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Audi tests bi-directional charging

Audi tests bi-directional charging

Business news |
By Christoph Hammerschmidt



The number of mobile energy storage units is increasing with the rising number of electric car registrations. A great potential – if the storage capacity is made intelligently usable. For this reason, Audi and the Hager Group have jointly developed a solution approach that creates financial incentives and offers increased security of supply: bidirectional charging. “The battery of an Audi e-tron could supply a single-family home with energy for around a week on its own. In the future, we would like to exploit this potential and make the e-car part of the energy turnaround as a power storage device on four wheels,” says Martin Dehm, technical project manager for bi-directional charging at Audi.

The electric car’s high-voltage battery can be used as a decentralized storage medium to deliver energy to the home. If the customer operates a private photovoltaic system on the roof of his house, the electric car serves as a temporary storage facility for the green electricity he generates himself. If the sun is not shining, the vehicle can then release the stored electricity back to the house. Bidirectional charging at home – also known as Vehicle to Home (V2H) – has great potential to reduce the homeowner’s electricity costs and increase grid stability. As a further expansion stage, almost complete energy self-sufficiency and increased supply security in the event of a blackout is possible in combination with a home storage system.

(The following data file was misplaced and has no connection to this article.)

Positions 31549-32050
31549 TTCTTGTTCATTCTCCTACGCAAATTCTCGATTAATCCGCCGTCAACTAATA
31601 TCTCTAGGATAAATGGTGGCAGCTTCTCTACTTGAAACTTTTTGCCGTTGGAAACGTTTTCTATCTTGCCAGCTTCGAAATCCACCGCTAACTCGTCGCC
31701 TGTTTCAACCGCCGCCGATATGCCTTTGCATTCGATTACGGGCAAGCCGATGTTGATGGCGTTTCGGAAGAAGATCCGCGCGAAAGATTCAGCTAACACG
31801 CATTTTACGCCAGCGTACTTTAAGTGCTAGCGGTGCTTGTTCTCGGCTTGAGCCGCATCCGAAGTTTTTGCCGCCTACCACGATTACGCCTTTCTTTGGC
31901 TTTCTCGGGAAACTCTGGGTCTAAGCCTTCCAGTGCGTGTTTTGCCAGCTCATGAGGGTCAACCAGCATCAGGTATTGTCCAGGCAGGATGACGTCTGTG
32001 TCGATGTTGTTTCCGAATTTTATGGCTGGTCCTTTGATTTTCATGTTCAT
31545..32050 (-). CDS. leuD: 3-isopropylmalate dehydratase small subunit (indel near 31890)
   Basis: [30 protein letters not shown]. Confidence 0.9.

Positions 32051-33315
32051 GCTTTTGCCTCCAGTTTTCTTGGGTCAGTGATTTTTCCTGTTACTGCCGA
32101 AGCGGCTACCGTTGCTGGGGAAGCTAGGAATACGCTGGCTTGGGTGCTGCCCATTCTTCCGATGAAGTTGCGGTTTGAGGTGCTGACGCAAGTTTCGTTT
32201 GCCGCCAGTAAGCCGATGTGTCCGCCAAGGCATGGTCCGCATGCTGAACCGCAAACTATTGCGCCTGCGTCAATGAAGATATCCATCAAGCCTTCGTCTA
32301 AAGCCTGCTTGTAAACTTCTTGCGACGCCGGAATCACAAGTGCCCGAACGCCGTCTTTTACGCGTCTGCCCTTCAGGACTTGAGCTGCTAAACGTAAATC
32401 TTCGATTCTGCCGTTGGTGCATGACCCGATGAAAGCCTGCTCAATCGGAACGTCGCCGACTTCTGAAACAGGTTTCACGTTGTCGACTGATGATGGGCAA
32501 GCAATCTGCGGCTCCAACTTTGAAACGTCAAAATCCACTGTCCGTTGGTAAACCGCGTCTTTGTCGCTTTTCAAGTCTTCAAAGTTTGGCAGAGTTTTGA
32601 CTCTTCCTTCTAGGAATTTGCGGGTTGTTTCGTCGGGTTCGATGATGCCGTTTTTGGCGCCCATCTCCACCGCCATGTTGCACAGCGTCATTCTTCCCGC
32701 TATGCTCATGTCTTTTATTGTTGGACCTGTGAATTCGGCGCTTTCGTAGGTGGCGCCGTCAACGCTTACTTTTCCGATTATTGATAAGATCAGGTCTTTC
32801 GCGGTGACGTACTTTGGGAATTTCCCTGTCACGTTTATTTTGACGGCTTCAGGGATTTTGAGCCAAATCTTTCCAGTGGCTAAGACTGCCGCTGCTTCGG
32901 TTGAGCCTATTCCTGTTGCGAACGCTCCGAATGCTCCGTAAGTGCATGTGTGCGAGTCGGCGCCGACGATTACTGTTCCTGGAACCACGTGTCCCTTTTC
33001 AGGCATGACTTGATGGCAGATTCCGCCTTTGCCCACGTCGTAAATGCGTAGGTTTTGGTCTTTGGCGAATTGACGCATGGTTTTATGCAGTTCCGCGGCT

In practice, however, this requires a high level of technical intelligence and the coordinated interaction of various technical components, both on the infrastructure side and in the vehicle. An Audi e-tron with near-series charging technology was used in the research project. In the test network, the all-electric Audi model operated with a DC wallbox, which enables a charging capacity of up to 12 kW, and a flexibly expandable home storage unit with a capacity of 9 kWh. In the event of possible series production use, this could provide additional flexibility, but is not a necessary prerequisite for bidirectional charging. Thanks to the DC voltage level in the overall system, the connection between the PV system and the vehicle does not require an inverter.

With bidirectional charging, the focus is primarily on use cases in which homeowners charge their own generated electricity with their own photovoltaic system in a cost-effective manner. At night, when electricity is cheap, the car is then charged again with cheap electricity until the desired target SOC (State of Charge) is reached.

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